Even before the healthcare challenges of 2020, there was a prevalent healthcare disparity between communities. According to the Health Resources & Services Administration (HRSA), there is over 7,000 primary care, 6,000 dental care, and 5,000 mental health care shortage areas in the US. These shortages are often in more vulnerable communities that have higher incidences of substance abuse, crime, and poverty. However, with well-established community health, the cost of healthcare nationwide can be lowered, and chronic diseases like heart disease and diabetes can be avoided, infectious diseases can be curbed, and a community’s quality of life can improve.
Licensed Healthcare Professionals A community health program’s widespread success depends on the number of healthcare workers powering it. Local government officials need to recognize the importance of having a fair number of medical professionals to satisfy their community population. These integral individuals include general physicians, obstetricians/gynecologists, dentists, mental health specialists, pharmacists, nurses, and physical therapists. Depending on the funding and state of the community, some healthcare programs streamline their medical team by staffing professionals who can do multiple duties or who cater to a population’s specific needs. For example, every community needs public health nurses. It's one of the most in-demand nursing careers with a projected 7% employment growth, and they are considered to be the backbone of successful community health programs. This is because they can educate, screen, and treat patients — meaning they do multiple duties in community healthcare settings. Furthermore, they are trained to determine the specific factors within a community, such as the population’s socioeconomic standing, which could be contributing to their poor health. Communities are unique and professionals must be able to tailor-fit programs and solutions to their health conditions. For example, Louisiana's obstetricians are focused on reducing severe bleeding and regulating blood pressure as experts found those to be the major contributors to the state’s pregnancy-related fatalities.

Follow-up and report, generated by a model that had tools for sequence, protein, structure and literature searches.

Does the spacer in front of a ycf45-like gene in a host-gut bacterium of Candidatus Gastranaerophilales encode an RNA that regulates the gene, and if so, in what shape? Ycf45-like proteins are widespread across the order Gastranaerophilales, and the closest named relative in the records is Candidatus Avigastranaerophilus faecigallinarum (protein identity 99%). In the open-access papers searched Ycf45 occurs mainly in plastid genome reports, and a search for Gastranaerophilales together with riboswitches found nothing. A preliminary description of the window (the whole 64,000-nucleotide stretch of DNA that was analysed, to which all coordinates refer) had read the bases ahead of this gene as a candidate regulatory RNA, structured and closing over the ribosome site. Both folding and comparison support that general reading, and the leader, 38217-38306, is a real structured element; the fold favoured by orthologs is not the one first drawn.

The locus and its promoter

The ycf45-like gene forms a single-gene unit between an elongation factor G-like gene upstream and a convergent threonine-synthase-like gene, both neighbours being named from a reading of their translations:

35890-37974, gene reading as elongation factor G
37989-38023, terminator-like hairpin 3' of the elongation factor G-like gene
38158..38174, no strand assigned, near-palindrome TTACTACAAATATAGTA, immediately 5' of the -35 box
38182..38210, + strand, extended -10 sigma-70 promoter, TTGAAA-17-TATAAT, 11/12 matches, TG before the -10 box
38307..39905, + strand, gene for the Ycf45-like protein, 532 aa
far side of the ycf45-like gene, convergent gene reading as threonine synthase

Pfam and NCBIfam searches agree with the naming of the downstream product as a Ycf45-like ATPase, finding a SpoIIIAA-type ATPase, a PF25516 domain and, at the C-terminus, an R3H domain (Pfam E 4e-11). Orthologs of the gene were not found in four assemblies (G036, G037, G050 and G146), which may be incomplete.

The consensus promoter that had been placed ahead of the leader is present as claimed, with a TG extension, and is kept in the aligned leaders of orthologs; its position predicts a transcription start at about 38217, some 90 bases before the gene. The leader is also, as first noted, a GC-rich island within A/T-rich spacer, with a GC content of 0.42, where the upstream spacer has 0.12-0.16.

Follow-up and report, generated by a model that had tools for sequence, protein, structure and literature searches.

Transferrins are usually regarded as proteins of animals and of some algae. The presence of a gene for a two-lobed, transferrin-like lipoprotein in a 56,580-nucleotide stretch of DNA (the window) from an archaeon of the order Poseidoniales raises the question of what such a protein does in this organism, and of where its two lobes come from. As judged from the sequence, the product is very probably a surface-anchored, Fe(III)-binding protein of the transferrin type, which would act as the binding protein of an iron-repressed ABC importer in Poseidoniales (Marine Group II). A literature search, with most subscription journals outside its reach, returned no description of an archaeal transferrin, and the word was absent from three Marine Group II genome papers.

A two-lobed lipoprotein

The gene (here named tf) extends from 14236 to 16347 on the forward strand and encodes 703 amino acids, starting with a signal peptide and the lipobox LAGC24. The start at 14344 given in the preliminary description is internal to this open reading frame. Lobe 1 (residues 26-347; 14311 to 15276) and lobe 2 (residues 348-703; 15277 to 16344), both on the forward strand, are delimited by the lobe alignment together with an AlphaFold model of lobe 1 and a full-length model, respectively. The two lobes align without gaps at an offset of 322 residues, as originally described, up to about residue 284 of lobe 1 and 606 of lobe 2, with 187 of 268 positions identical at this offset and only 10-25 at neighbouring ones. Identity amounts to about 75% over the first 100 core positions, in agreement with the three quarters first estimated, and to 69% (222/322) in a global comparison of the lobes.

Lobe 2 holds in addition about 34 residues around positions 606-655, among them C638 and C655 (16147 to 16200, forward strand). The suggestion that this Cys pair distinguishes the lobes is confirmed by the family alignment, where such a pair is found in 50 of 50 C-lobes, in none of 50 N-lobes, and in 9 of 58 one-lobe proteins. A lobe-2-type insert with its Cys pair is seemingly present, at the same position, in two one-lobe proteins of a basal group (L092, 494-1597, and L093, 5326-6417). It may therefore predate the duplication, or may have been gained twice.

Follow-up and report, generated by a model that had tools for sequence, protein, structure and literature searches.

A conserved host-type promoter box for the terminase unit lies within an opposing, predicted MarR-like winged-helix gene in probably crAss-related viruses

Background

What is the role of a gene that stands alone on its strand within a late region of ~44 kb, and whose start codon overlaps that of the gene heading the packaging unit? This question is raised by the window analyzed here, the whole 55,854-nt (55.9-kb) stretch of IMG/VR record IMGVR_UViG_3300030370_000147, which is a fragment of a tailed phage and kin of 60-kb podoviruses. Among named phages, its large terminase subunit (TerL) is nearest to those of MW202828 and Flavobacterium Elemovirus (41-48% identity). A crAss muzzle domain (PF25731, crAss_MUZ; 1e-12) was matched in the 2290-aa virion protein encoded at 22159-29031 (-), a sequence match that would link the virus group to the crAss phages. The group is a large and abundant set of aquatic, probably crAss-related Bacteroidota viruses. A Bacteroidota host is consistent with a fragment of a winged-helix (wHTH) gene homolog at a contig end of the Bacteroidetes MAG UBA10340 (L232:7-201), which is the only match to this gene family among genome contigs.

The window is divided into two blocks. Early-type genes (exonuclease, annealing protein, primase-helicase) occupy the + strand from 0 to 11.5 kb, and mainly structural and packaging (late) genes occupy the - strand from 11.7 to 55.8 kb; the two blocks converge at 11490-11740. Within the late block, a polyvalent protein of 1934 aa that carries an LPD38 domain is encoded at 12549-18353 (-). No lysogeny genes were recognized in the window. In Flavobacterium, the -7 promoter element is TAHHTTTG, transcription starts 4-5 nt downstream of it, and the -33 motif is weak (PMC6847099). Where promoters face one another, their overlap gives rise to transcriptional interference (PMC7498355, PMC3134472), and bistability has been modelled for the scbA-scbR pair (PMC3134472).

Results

Dedicated Physical Centers
Considering that a large portion of healthcare program recipients reside in transient occupancy or are homeless, having a physical venue makes it easier to access and treat patients. As a community-based and patient-centered affair, healthcare centers should be well-ventilated, clean, spacious, and capable of treating emergency situations such as childbirth, heart attacks, and fractures. This prevents patients from having to turn to costly E.R.s visits.
For instance, despite being the 3rd poorest state, an ER visit in West Virginia costs around $1,127. Considering that 1 in 4 healthcare visitors are uninsured and over 1.4 million are homeless, having a more affordable medical option increases chances of early intervention and active prevention. With COVID-19 restrictions, it’s also important that these healthcare centers are regularly disinfected, stocked with personal protection equipment (PPE), and capable of extending telehealth services if need be. Along with health centers, food banks and social centers often go hand-in-hand to nourish a community. Often, these can even be located in the same property.
Having a strong healthcare system at the community level is the surest way of alleviating many systemic issues like poverty, chronic disease, violence, and crime. Aside from securing health resources, it’s also important to offer social service assistance during these times of uncertainty. For more information on initiatives for a healthy & whole community, the Helpline House has more details to help you.
Article written by Rebecca Jay
Exclusively for helplinehouse.org